Corporate/LLC Compliance: What to do? What to watch out for?

If you have a Massachusetts corporation or limited liability company (“LLC”) there are certain actions that you need to take on an annual basis to make sure your corporation or LLC is in good standing with the Secretary of State’s office.  Why is it important that your corporation or LLC be in good standing?  If a corporation or LLC is not in good standing there is a potential argument that the entity does not exist, you are operating as a sole proprietor and there is no protection from personal liability that a corporation or LLC would otherwise provide.   To prevent this potential loss of liability protection what should you do? 

Annual Reports for Corporations.  Corporations need to file an annual return with the Massachusetts’ Secretary of State’s office.  This annual return must be filed within two and  one half (2 ½ ) months after the close of the fiscal year.  If your corporation is a calendar year taxpayer, the annual report must be filed by March 15 of each year.    The fee to file the annual report is $125 if you send the form by mail or $100 if you file the form electronically.    

What to watch out for?  There are companies which send out notices to corporations about the time that the annual report is due at the Secretary of State’s office.  The notices are very cleverly written  and indicate the for a fee of $125 (the same amount as the annual report fee) the company will provide the required annual meeting minutes.  While you should also keep annual minutes for your corporation, many people who respond to this solicitation think that this is the annual filing with the Secretary of State’s office.  It is not.  Sending in $125 to a private company for your annual meeting minutes (you provide the basic info about who attended, who was elected director, officer, etc.) is not the required filing with the Secretary of State’s office.  The next time your corporation receives  notice in the mail requesting a $125 fee, be very careful to confirm exactly what you are getting for your money. 

Minutes of the Annual Meeting.   Corporations should have an annual meeting and should keep minutes of that meeting.  The minutes do not need to be elaborate but should say when and where the meeting was held, who attended, who was elected a director or officer of the corporation and what was reviewed.  For example, your minutes could say that on May 1, 2010 all three shareholders of the company met to review the financial records and tax returns for the company for the past year.  The shareholders moved to issue dividends in a certain amount and also reviewed and approved the summary of financial operations for the last year.  Finally the names of the individuals elected as directors and officers of the corporation for the coming year should be stated.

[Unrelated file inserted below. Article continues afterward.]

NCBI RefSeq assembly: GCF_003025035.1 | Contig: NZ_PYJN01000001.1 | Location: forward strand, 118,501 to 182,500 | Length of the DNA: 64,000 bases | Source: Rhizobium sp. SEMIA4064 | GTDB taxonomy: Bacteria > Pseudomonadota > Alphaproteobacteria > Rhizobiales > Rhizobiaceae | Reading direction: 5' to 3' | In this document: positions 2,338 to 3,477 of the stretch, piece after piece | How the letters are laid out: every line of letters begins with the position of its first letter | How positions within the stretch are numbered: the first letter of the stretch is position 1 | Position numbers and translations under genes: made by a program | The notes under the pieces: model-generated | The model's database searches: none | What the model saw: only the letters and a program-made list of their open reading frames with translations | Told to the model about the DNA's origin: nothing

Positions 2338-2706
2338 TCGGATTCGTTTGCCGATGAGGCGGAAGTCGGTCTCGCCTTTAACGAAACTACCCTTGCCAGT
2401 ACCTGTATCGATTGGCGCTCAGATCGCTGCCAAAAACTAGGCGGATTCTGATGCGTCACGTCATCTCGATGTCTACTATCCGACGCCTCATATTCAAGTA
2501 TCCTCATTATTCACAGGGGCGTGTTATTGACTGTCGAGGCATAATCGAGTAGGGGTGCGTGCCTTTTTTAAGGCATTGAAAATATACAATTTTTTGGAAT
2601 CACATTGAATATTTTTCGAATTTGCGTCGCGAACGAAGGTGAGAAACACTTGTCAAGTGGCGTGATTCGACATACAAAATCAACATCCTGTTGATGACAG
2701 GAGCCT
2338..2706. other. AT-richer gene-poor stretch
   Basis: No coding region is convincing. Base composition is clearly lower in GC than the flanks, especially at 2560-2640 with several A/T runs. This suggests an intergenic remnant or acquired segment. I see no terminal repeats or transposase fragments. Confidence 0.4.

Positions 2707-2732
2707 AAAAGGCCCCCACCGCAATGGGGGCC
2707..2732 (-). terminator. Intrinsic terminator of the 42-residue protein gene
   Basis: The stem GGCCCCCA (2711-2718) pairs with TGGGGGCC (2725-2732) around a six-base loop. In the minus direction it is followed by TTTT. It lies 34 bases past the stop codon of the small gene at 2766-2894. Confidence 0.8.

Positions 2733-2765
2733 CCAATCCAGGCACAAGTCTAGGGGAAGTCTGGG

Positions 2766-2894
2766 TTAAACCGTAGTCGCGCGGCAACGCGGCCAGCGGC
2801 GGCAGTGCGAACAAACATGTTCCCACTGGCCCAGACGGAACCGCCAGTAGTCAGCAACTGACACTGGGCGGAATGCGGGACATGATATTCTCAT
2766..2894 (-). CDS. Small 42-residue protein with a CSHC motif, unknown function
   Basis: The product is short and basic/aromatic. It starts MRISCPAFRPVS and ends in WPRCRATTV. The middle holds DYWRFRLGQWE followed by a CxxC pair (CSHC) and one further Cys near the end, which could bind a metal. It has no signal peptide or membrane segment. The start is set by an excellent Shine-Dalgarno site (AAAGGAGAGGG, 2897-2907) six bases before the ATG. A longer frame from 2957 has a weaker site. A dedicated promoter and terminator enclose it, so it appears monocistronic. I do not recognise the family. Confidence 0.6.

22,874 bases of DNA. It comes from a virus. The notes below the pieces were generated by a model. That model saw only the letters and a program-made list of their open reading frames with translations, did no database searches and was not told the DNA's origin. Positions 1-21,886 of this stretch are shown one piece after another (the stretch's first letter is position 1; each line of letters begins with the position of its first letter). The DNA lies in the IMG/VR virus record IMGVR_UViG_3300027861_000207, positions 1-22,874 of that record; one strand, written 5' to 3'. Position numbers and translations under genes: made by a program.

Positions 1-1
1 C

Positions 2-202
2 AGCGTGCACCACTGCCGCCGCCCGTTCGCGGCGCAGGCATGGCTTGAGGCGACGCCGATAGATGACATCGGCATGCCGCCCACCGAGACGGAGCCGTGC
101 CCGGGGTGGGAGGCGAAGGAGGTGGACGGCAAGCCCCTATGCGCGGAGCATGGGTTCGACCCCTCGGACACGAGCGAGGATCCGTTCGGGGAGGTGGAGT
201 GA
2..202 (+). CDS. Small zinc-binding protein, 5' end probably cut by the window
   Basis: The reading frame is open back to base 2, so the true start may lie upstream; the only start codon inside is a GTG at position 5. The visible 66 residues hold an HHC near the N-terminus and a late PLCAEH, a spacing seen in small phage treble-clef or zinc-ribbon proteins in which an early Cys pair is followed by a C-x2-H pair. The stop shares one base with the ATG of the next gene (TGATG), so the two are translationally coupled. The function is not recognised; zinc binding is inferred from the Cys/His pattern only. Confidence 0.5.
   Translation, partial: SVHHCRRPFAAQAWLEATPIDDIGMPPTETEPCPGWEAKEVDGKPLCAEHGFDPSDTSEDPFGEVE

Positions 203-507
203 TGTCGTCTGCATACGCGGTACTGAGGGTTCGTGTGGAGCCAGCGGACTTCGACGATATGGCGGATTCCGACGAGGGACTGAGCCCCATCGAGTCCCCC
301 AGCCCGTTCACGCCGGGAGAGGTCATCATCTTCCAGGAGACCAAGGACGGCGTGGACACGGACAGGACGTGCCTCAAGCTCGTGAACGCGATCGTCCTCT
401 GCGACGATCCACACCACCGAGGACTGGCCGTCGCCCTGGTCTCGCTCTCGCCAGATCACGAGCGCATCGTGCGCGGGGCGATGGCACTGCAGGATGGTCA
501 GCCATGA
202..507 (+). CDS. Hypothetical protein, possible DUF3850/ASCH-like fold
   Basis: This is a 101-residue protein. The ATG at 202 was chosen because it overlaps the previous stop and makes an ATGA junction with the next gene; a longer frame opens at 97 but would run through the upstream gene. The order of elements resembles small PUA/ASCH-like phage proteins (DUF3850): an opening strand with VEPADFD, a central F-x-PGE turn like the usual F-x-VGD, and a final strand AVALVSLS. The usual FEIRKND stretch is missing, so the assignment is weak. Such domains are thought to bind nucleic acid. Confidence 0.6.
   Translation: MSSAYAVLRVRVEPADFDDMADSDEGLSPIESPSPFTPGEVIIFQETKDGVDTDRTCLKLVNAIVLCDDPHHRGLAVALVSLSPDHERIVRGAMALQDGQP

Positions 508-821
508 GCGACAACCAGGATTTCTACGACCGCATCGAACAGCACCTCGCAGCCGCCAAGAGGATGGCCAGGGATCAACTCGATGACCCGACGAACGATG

Annual report of LLCs.   Just like corporations, LLCs are also required to file an annual report with the Secretary of State’s office.  The annual report for LLCs is due before the date of the filing of the LLC’s original certificate of organization.  For example, if an LLC filed its certificate of organization with the Secretary of State’s office on December 1, the annual report is due prior to December 1 of each year.  The annual report fee for LLCs is currently $500.  Although this is much higher than the fee for the corporate annual report, LLCs are not subject to the excise tax that corporations are required to pay.  The minimum excise tax is currently $456 per year.  Therefore, the combined annual fee for a corporation ($125 + $456) is slightly higher than the $500 annual fee that LLCs must pay. 

 Filing the annual report for your corporation or LLC is very important to insure that your corporation remains in good standing with the Secretary of State’s office and that you receive the important protections that corporations or LLCs can provide for your personal assets.

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